This Is How The Invisible Office Economy In India Is Suffering Due To WFH

By Sriya Kundu:

The 2020 pandemic has had severe consequences on two imperative institutions of the society — one, it has exposed an extremely ill-equipped medical infrastructure and the other, it has struck the economy right at the roots.

The Indian economic sector is broadly divided into three sectors based on activity, ownership, and work conditions. The performances of these sectors are highly intertwined, as they get further divided into their respective sub-categories as shown below.

Though the RBI hasn’t released the GDP estimates of this year, the fact that our economy has suffered a tremendous setback due to the pandemic at an extremely vulnerable stage where the economic growth had already slowed down, doesn’t come in as a shocker at this stage.

Each and every sector has been affected by a sudden dip in demands, resulting in the stagnancy of cash flows. While the government Of India did try to revive the situation with a package approximately worth 21 billion dollars, it was a hasty move that hasn’t had too much of an impact on the current situation.

While the above-mentioned facts are mostly known to us, discussions have risen on another interesting angle of the current situation.

Ever since the lockdown, private sectors have continued operation through remote working. Under the current circumstances, millions have lost their jobs across all sectors of the economy. And the practice of remote working amongst the white-collar workers has surprisingly had a huge role to play on this sudden unemployment.

Remote Working And The Invisible Office Economy

One-third of the GDP of the Indian economy comes from the unorganized sector and the lockdown substantially crushed this sector, leaving them with no source of income. But how did the lockdown induced practice of remote working play a role in it?

Let’s take a simple example here. A tea stall outside a particular office building caters to the needs of say 30% of the population in there. Assuming this population to be around 2500 in number, the tea-stall sells at least 700 cups of tea every day, five days a week. Considering each cup costs Rs. 10, he would make an estimate of around Rs. 15,000 from selling tea alone each month.

However, due to the pandemic, his sales suddenly plummeted to Rs. 100 within the very first month of the outbreak. Eventually, this went further south till it reached 0 once the complete lockdown was imposed forcing people to stay at home.

And now, even when the activities resumed under the ‘Unlock program’, his sales were restricted to a bare minimum of Rs. 1000 per month, thus recording a drop of 93.33% over the last six months.

Now apply this example to the various other workers who have been facilitating a population of 150 million white-collar workers, on a daily basis across the nation — canteens, tea-stalls, cobblers, newspaper stands, and the list continues. And this unorganized sector of labor constitutes 94% of the Indian economy.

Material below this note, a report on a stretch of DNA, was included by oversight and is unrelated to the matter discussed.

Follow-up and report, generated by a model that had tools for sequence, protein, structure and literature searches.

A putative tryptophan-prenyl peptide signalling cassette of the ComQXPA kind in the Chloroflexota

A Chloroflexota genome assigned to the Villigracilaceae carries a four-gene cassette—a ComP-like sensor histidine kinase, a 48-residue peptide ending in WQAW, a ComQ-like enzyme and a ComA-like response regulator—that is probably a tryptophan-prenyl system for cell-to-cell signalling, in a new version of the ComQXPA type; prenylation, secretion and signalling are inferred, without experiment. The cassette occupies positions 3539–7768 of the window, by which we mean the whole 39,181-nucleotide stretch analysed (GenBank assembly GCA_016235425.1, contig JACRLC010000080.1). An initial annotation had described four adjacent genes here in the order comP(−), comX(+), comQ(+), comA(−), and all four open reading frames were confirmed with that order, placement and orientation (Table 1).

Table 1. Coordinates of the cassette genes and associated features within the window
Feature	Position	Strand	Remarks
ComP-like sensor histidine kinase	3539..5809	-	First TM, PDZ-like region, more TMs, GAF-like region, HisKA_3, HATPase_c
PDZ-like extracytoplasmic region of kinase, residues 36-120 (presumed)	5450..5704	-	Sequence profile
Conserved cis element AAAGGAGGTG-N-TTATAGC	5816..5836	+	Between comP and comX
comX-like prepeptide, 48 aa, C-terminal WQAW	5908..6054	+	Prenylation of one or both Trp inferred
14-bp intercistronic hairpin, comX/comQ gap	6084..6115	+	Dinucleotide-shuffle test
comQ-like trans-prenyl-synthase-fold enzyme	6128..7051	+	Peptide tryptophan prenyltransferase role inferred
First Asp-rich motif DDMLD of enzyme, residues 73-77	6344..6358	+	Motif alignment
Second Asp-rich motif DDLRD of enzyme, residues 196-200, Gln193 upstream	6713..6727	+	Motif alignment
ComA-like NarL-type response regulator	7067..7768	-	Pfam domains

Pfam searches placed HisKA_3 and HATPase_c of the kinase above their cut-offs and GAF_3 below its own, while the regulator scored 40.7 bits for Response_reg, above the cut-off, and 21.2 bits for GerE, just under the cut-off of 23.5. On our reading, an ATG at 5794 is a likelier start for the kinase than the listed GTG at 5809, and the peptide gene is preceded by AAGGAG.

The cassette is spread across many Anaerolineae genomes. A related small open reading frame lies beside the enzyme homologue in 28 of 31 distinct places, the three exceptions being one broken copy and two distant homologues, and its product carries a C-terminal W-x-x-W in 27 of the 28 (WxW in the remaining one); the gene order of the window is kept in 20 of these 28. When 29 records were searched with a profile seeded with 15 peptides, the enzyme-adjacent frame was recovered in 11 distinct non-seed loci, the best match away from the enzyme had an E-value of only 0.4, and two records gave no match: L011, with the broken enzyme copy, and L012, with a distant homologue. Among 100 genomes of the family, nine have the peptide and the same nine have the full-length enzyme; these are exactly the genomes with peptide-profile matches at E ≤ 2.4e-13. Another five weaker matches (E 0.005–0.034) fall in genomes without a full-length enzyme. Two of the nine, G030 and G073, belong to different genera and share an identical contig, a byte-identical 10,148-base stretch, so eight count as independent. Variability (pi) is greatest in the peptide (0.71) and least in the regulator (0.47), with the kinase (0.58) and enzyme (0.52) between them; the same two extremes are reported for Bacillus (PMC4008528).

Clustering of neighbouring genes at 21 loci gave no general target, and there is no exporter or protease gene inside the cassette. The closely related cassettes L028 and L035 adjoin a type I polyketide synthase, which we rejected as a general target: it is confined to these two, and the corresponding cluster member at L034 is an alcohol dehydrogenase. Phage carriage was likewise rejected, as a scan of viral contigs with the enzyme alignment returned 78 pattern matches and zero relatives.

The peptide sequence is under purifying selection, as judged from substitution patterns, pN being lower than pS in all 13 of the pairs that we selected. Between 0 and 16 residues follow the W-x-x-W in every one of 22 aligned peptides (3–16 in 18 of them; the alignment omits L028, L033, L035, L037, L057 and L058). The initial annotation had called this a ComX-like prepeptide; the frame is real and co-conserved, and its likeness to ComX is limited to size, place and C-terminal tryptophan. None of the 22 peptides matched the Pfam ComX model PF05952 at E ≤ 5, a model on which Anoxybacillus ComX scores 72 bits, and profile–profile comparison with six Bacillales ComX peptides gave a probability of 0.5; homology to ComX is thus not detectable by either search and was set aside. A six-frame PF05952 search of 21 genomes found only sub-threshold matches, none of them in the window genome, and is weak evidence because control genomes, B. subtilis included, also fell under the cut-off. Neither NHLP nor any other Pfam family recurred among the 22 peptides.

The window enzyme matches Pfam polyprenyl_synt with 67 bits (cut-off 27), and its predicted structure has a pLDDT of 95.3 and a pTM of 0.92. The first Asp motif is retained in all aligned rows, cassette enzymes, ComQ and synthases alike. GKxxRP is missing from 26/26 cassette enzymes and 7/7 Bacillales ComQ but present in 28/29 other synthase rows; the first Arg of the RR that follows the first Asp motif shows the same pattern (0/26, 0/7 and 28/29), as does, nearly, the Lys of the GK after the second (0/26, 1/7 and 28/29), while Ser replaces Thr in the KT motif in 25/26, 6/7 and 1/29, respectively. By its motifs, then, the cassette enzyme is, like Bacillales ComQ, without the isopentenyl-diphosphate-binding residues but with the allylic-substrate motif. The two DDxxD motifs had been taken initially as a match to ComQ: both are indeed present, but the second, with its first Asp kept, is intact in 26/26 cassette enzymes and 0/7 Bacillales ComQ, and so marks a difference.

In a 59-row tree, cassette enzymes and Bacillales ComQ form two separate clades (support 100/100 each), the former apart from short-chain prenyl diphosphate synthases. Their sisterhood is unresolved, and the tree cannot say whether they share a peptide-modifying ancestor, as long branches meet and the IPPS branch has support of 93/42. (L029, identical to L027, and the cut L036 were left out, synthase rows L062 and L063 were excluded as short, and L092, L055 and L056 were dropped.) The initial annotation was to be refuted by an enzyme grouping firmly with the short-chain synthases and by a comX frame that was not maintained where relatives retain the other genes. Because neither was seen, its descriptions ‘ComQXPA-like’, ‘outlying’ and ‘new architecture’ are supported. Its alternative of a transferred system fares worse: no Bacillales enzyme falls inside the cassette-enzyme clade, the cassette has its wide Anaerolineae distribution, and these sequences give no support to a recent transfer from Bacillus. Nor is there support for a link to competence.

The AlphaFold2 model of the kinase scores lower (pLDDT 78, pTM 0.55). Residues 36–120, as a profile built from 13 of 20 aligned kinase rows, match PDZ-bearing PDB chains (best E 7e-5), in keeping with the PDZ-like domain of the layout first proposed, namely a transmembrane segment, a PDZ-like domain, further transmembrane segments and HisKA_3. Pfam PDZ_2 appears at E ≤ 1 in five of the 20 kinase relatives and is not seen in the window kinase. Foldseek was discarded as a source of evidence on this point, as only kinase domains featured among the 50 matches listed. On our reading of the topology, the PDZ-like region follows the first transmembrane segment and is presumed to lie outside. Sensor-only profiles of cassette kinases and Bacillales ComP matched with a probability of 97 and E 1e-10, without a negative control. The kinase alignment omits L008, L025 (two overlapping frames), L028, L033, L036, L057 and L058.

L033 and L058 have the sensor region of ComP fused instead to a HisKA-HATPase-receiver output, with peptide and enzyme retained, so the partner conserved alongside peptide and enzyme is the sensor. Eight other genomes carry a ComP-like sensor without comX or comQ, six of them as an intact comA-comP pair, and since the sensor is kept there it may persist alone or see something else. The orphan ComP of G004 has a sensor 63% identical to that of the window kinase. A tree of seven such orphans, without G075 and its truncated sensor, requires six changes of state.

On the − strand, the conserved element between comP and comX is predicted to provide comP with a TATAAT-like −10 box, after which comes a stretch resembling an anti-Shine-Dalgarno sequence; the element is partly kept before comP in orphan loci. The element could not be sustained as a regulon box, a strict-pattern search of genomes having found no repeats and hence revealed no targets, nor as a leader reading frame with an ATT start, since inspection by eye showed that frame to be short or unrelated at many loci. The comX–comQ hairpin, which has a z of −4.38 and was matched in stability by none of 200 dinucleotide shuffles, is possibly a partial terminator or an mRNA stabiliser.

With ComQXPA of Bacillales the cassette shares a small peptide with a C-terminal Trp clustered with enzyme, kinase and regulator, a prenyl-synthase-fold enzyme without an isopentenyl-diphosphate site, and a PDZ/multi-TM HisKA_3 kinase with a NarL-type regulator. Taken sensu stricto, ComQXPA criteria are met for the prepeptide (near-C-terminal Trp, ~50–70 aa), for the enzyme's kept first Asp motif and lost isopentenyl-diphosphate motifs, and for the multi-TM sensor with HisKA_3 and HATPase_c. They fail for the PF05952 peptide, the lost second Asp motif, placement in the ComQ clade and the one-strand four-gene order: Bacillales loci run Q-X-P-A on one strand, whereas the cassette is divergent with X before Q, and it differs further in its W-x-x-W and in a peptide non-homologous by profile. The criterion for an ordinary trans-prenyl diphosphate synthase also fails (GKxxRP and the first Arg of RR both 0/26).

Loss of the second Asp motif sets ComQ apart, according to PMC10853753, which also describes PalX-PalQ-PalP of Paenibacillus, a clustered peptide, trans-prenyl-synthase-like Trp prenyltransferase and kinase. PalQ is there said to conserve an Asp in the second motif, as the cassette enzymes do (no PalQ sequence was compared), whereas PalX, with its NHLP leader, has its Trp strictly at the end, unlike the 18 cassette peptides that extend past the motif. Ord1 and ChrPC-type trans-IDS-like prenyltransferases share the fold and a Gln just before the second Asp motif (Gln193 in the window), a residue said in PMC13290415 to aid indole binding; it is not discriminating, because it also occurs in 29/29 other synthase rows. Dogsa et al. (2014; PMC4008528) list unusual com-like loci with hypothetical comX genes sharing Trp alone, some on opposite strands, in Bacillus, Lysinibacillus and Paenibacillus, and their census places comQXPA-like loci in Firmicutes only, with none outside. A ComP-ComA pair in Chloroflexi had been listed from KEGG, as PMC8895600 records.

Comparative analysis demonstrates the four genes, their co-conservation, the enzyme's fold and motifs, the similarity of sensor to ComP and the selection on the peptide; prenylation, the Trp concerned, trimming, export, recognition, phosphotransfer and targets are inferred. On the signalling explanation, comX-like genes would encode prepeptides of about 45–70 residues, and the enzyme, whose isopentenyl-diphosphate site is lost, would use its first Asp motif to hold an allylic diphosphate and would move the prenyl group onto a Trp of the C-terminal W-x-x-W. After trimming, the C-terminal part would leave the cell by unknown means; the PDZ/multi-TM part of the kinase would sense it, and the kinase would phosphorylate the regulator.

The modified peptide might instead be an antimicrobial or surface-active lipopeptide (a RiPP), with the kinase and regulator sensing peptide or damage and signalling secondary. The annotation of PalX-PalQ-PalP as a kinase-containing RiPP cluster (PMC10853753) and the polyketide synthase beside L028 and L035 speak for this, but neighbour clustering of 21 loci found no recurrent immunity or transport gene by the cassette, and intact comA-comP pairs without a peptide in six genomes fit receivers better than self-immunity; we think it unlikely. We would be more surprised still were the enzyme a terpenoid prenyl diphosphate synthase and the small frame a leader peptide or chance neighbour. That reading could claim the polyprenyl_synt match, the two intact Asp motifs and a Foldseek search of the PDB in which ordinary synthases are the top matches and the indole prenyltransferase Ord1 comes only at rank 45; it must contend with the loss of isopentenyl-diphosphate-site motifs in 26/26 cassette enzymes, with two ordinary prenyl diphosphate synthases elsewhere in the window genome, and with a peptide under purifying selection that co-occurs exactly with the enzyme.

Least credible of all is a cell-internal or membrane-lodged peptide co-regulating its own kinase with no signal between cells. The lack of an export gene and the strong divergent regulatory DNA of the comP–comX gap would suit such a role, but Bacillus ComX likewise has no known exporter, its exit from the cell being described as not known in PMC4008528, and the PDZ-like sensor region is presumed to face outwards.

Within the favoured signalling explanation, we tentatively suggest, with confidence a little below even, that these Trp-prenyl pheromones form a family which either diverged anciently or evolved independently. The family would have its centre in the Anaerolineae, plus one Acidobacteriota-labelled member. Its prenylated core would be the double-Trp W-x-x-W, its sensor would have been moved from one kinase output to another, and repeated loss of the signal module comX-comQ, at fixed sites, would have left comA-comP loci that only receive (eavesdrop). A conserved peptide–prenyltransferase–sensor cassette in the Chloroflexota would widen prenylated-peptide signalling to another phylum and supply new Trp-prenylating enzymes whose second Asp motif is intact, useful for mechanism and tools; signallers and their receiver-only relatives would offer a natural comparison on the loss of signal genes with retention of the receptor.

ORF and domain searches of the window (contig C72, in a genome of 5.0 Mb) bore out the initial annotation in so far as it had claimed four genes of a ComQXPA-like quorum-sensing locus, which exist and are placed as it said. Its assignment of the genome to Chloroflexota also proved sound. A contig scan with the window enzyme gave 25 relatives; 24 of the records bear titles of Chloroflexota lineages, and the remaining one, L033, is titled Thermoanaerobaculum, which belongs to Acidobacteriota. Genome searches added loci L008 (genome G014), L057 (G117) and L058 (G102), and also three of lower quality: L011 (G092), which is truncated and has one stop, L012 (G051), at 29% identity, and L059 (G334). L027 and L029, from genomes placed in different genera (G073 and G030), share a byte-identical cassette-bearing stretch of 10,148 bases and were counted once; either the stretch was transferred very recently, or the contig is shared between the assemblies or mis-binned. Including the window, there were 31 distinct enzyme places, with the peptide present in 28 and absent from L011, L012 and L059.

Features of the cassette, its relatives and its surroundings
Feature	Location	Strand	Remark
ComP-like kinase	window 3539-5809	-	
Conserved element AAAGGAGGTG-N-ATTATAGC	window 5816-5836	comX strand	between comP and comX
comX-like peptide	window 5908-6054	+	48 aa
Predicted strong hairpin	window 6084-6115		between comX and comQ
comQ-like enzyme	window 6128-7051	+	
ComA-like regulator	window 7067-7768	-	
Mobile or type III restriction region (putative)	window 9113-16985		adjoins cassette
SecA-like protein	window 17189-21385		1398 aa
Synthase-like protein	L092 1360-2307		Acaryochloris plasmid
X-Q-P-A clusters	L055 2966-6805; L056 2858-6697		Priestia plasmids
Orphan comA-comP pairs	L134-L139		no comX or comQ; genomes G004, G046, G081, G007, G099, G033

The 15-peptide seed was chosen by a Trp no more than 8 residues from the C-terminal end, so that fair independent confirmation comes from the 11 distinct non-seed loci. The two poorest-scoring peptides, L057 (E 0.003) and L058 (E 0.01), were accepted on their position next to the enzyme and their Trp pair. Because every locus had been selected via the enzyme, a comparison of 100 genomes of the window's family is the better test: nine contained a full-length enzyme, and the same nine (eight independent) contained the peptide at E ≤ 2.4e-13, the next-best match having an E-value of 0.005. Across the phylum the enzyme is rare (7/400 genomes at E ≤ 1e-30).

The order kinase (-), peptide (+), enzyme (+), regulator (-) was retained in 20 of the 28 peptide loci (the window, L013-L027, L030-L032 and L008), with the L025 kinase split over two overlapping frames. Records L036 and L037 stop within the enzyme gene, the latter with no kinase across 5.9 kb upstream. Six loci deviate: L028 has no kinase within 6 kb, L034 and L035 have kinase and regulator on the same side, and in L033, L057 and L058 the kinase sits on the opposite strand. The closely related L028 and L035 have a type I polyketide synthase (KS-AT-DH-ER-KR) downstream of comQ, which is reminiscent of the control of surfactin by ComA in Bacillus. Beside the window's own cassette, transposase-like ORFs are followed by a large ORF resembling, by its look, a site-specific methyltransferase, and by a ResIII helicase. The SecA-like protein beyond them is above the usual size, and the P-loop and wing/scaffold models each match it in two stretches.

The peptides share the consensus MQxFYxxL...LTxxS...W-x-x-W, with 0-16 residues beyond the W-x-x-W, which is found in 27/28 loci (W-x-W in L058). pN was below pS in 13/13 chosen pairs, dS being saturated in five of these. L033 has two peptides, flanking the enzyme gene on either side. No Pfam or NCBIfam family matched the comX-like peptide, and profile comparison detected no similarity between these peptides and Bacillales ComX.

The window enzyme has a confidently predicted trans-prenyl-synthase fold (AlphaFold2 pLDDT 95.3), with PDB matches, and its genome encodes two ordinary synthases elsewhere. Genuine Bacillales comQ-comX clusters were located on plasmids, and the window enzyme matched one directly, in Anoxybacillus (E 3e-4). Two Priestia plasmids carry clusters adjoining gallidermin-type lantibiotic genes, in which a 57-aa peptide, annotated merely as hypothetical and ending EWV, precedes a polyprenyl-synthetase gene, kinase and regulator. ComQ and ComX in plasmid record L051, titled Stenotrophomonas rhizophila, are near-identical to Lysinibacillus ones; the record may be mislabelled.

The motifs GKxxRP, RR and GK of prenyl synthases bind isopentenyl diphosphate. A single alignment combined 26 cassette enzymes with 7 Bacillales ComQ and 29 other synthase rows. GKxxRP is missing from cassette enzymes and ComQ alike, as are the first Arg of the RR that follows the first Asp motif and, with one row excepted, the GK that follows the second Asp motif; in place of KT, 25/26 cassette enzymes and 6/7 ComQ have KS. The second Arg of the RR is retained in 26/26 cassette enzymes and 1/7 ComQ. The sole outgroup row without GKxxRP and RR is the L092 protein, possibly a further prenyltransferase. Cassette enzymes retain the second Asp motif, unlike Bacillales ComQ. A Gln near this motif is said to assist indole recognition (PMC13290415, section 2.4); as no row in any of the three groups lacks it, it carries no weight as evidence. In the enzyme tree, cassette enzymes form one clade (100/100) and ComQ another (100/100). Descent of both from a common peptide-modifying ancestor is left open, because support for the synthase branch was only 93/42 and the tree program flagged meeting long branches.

Some of these people started selling other essential items during lockdown to survive this phase, but a majority of them lost their sole source of income overnight.

Other Areas That Have Been Affected

The invisible office economy comprises of a number of expenses which have completely been curbed due to the remote working culture being adopted as the new work norm.

Some common examples would include travel costs, hotel expenses, stationery items, security, and housekeeping staff. For the last few months of lockdown, the organizations haven’t used their services.

The Wall Street Journal reported that an estimated 2 trillion dollars in corporate travel would not happen this year, in the United States of America.

According to an article on Bloomberg Quint, around 400,000 have either lost their jobs or have been notified about it beforehand in the aviation industry globally, due to the pandemic. And this is just one of the sectors from our above-mentioned list of examples.

The sudden stagnancy in demand has highly affected these sectors of the organized workforce as well. Thus, while the white-collar workers are themselves walking on thin ice stuck in this dwindling economic situation, their new work culture has affected the stability of other sectors of the economy.

The Unlock program commenced in India in the month of June and is being executed in phases in different parts of the country. Airlines, hotels, restaurants, and the like have resumed services on an extremely restricted basis.

However, most firms, including both large and medium-scaled, aren’t likely to resume operations from office before the end of this year. And even when they do, remote working will be given a higher preference since they need to cut costs and make up for the losses incurred during the pandemic.

Thus the invisible office economy will still be at the suffering end, even when the white-collar workers attempt at reviving the economy.

They are probably the worst-hit section in the current scenario, stuck amidst a cycle of nil to low demand due to the extensive reduction in the purchasing power of their target audience. And as per experts, the effects of this recession will take a good number of years to get evened out, let alone making profits anytime soon.

Originally published at https://edtimes.in on February 5, 2021.

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